Frequently Asked Questions
1. What are "Home Warranties" And Should I Consider Buying One?
Home warranties offer you protection for a specific period of time (e.g., one year) against potentially costly problems, like unexpected repairs on appliances or home systems, which are not covered by homeowner's insurance. Warranties are becoming more popular because they offer protection during the time immediately following the purchase of a home, a time when many people find themselves cash-strapped.
2. Am I Ready To Buy A Home?
Ask yourself these questions:
- Do I have a steady source of income (usually a job)? Have I been employed on a regular
basis for the last 2-3 years?
- Is my current income reliable?
- Do I have a good record of paying my bills?
- Do I have few outstanding long-term debts, like car payments?
- Do I have money saved for a down payment?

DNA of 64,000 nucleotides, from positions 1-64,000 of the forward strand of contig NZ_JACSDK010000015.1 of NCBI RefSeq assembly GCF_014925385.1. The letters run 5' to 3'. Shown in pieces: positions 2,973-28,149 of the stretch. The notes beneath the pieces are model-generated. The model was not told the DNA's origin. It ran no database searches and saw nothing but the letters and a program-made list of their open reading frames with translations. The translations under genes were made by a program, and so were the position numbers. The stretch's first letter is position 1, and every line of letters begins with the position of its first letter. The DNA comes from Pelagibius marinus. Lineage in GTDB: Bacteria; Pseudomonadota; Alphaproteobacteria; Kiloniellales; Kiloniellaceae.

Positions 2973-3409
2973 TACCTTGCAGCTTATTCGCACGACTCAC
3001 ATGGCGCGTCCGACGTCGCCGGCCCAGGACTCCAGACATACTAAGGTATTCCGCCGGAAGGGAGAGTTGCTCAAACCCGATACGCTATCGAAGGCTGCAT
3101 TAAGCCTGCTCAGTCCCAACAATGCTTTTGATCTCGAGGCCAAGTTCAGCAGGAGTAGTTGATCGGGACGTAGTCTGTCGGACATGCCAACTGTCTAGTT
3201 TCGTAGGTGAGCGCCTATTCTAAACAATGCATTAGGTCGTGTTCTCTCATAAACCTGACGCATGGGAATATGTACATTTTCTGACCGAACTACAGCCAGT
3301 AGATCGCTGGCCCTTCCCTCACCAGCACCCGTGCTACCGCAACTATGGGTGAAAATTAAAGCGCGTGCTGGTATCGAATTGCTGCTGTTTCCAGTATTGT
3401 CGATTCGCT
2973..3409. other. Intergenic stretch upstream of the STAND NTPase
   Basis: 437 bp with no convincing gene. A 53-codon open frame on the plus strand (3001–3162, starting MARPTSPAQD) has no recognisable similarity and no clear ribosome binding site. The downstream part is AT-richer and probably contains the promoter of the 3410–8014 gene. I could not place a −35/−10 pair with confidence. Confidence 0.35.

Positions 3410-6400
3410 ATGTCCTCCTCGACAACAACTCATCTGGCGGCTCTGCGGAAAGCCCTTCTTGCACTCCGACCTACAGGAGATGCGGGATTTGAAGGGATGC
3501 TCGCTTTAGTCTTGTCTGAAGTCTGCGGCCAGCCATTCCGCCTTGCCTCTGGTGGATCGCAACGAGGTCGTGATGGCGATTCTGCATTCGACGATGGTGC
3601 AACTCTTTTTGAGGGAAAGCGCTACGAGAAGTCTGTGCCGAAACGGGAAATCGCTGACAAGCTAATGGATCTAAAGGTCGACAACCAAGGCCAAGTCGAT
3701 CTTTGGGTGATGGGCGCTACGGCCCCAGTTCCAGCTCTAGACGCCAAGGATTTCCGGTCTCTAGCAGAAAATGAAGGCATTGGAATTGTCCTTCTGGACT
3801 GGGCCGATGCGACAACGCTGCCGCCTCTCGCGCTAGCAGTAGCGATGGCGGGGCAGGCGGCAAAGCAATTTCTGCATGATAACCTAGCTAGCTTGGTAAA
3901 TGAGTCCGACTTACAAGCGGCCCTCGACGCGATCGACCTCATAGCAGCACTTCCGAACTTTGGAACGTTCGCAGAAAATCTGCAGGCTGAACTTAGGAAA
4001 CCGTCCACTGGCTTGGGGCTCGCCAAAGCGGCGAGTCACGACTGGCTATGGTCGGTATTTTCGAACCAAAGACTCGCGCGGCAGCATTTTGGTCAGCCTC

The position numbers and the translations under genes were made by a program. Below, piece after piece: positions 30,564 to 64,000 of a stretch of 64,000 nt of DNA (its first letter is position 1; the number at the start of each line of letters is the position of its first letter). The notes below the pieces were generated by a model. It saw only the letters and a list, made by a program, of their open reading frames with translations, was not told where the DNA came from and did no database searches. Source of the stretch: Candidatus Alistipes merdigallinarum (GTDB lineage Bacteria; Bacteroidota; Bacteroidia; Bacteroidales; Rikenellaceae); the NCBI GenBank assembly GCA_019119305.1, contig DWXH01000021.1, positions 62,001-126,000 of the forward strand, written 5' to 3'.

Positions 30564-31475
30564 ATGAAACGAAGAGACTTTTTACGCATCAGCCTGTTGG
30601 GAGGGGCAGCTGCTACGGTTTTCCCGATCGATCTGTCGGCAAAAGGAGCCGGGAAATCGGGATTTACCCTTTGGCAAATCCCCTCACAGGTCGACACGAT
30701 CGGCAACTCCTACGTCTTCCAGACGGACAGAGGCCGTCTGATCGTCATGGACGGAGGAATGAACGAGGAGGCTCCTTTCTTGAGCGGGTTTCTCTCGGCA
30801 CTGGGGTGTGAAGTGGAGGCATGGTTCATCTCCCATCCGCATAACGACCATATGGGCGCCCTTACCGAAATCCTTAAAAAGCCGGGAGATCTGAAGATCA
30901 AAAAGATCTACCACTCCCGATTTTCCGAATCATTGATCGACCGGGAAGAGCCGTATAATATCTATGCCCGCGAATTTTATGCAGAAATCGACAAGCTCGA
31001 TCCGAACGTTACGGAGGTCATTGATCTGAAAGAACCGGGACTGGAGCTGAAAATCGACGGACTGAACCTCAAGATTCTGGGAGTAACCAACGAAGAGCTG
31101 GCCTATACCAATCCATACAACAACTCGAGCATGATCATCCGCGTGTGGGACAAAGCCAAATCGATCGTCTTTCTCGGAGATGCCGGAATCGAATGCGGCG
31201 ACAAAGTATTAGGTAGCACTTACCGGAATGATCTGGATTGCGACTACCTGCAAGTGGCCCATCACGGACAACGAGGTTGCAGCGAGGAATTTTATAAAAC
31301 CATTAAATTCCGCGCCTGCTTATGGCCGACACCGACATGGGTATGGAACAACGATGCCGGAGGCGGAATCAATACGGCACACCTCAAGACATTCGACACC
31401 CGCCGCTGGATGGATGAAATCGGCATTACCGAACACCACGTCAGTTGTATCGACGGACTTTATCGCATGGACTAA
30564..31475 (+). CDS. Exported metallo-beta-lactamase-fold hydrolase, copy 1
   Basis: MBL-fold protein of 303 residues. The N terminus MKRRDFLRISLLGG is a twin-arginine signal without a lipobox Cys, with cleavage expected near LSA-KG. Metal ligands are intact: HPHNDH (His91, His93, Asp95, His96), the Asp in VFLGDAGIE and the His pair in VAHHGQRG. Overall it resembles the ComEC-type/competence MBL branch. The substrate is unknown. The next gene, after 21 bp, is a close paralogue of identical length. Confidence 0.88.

- Do I have the ability to pay a mortgage every month, plus additional costs?
If you can answer "yes" to these questions, you are probably ready to buy your own home.
3. How Do I Start The Process Of Buying A Home?
Start by thinking about your situation. Are you ready to buy a home? How much can you afford in a monthly mortgage payment? How much space do you need? What areas of town do you like? After you answer these questions, make a "To Do" list and start doing casual research. Talk to friends and family, drive through neighborhoods, and contact a local realtor.
4. Rent or Buy?
The one advantage of renting is being generally free of most maintenance responsibilities. But by renting, you lose the chance to build equity, take advantage of tax benefits and protect yourself against rent increases. Also, you may not be free to decorate without permission and may be at the mercy of the landlord for housing.